Background and Philosophy
For many years I served as a contract employee providing administrative services. My desire was to learn as much as I could in as many fields as I could so that I could eventually move over to the executive side of a business or company where I could have more hands-on experience and control over more facets of the work in which I was involved. What I learned was that I quickly became more valuable to each organization I represented in the particular role that I was in at the time. I would quickly become a part of that landscape and a dependable member of that team, but without moving on would become a necessary and expected part of that functioning group. Once growth had slowed or stopped I found it integral to my development to move on. I wanted to learn more, see more and do more... manage projects and the daily functions and routines and add my expertise to solve problems and present companies in a better light, more professional and with fairness to all and inclusion of everyone willing to strive toward the same goals with an eye toward excellence. I couldn't do that standing still or allowing myself to be taken for granted for too long. So that is the path I have taken.
Book learning has it's place and always will, but there is also much to be said about on-the-job experience. Anyone that has worked anywhere will confirm that no matter how well-trained they were going into a new job, that, as a new employee of any company, corporation or even a partnership, that they had to be retrained to do the job the way that particular organization needs or requires it to be done. The same can be said for those going into a job with only real ife experience and/or limited school or training on their side. They will not be able to perform some tasks without the prerequisite training. Companies and corporations spend millions, perhaps billions, of dollars in precious revenue every year training new and experienced employees in the disciplines that are required to run their organizations successfully, safely and within the confines of local, state and federal law. The good news for me is that I have exposure and training on both sides of the fence. I have that valuable real-life experience that employers desire and I also know, understand and can utilize theory learned and practiced from many hours and years spent in the classroom. I think it is an effective combination.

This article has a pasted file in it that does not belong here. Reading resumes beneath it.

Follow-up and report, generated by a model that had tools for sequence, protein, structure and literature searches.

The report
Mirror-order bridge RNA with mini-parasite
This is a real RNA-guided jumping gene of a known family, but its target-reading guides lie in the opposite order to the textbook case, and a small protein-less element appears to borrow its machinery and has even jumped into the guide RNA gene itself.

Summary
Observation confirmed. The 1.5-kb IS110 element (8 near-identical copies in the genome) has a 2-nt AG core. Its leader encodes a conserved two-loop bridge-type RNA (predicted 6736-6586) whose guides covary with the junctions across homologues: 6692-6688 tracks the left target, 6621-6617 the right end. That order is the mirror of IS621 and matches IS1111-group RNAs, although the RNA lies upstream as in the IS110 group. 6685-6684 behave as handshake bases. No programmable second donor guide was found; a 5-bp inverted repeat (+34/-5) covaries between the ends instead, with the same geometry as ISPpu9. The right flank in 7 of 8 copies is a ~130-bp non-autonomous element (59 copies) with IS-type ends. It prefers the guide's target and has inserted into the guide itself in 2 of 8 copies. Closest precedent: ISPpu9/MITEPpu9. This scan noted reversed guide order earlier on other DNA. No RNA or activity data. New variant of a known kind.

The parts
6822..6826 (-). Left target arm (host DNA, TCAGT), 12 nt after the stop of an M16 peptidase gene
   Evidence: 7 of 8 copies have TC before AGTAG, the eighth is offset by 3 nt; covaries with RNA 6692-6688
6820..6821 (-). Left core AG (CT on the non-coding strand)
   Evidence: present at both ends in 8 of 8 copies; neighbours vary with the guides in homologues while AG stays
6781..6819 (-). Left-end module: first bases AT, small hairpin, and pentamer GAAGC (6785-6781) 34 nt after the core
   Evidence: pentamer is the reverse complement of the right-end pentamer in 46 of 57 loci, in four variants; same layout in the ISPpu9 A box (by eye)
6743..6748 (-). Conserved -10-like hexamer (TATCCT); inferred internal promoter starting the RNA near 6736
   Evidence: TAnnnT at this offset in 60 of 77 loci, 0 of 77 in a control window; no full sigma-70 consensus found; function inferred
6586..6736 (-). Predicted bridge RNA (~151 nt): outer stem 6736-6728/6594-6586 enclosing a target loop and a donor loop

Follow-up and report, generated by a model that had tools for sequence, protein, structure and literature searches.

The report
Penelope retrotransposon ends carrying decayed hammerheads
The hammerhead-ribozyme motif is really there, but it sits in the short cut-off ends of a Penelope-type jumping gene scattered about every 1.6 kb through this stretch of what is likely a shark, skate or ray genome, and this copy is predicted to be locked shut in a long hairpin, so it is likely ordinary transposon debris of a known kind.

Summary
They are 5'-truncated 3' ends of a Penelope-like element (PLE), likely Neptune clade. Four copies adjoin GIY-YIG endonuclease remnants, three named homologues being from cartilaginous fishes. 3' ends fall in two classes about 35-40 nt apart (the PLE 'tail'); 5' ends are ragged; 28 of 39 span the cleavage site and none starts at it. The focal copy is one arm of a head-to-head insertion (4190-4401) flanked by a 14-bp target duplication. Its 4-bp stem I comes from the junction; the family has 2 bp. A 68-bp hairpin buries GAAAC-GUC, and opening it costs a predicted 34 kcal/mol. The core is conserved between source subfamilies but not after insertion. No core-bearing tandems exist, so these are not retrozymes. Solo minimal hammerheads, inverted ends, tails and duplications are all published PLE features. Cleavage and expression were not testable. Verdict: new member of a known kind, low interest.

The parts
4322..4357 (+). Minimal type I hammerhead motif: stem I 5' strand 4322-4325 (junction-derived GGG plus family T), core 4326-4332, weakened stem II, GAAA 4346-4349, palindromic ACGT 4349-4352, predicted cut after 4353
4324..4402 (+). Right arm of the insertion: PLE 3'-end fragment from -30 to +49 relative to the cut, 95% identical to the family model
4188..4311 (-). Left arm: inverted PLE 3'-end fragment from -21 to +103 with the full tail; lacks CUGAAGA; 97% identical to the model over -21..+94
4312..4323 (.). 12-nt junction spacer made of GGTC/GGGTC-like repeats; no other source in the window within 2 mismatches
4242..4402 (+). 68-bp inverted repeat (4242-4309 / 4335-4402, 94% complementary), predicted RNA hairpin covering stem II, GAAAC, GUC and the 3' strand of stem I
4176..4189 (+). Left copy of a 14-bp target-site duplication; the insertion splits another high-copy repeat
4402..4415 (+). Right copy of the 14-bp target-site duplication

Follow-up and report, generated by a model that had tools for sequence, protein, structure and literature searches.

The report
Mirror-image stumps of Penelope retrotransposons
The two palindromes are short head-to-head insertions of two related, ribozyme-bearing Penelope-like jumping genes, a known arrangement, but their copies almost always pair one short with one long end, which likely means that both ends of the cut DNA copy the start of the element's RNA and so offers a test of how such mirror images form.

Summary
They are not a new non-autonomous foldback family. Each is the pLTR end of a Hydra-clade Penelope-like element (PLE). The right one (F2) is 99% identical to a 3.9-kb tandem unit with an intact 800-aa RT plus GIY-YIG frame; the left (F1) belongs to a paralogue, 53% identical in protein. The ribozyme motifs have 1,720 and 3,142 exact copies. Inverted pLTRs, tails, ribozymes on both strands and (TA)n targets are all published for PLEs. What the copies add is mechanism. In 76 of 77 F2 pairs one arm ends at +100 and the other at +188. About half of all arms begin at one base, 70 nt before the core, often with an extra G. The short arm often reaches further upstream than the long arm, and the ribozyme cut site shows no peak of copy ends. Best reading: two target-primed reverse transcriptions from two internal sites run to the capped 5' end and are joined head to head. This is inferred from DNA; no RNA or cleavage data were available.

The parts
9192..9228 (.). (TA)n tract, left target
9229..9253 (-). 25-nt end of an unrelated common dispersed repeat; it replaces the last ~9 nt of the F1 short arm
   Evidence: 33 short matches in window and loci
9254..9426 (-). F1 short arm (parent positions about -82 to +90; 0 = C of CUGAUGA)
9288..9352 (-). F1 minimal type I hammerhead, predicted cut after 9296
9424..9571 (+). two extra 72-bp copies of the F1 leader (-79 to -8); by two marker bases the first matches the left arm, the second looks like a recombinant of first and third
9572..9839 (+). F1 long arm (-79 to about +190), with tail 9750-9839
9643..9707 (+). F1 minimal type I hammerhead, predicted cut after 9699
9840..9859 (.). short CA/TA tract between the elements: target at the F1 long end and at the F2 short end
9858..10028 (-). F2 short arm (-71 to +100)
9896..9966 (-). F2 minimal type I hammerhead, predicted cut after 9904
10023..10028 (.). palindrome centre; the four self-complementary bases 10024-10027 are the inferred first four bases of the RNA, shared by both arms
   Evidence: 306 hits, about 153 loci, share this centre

I believe that communication is key when it comes to any relationship in the workplace. Whether that relationship is between management and staff, between staff and coworkers, between representatives and customers, between employees and vendors, ownership and the media... so and so forth, people must be able to communicate clearly and effectively with one another. Expectations need to be established and understood and above all, we must be fair with one another. We must strive to be open and honest with one another and solve problems before conflicts arise and do it in a mature manner until all parties are in mutual agreement in an agreed-upon course of action that is fair and equitable for all. To me, that is the most certain way to avoid strife and tensions in the workplace and make it a comfortable environment where everyone can be happy and productive.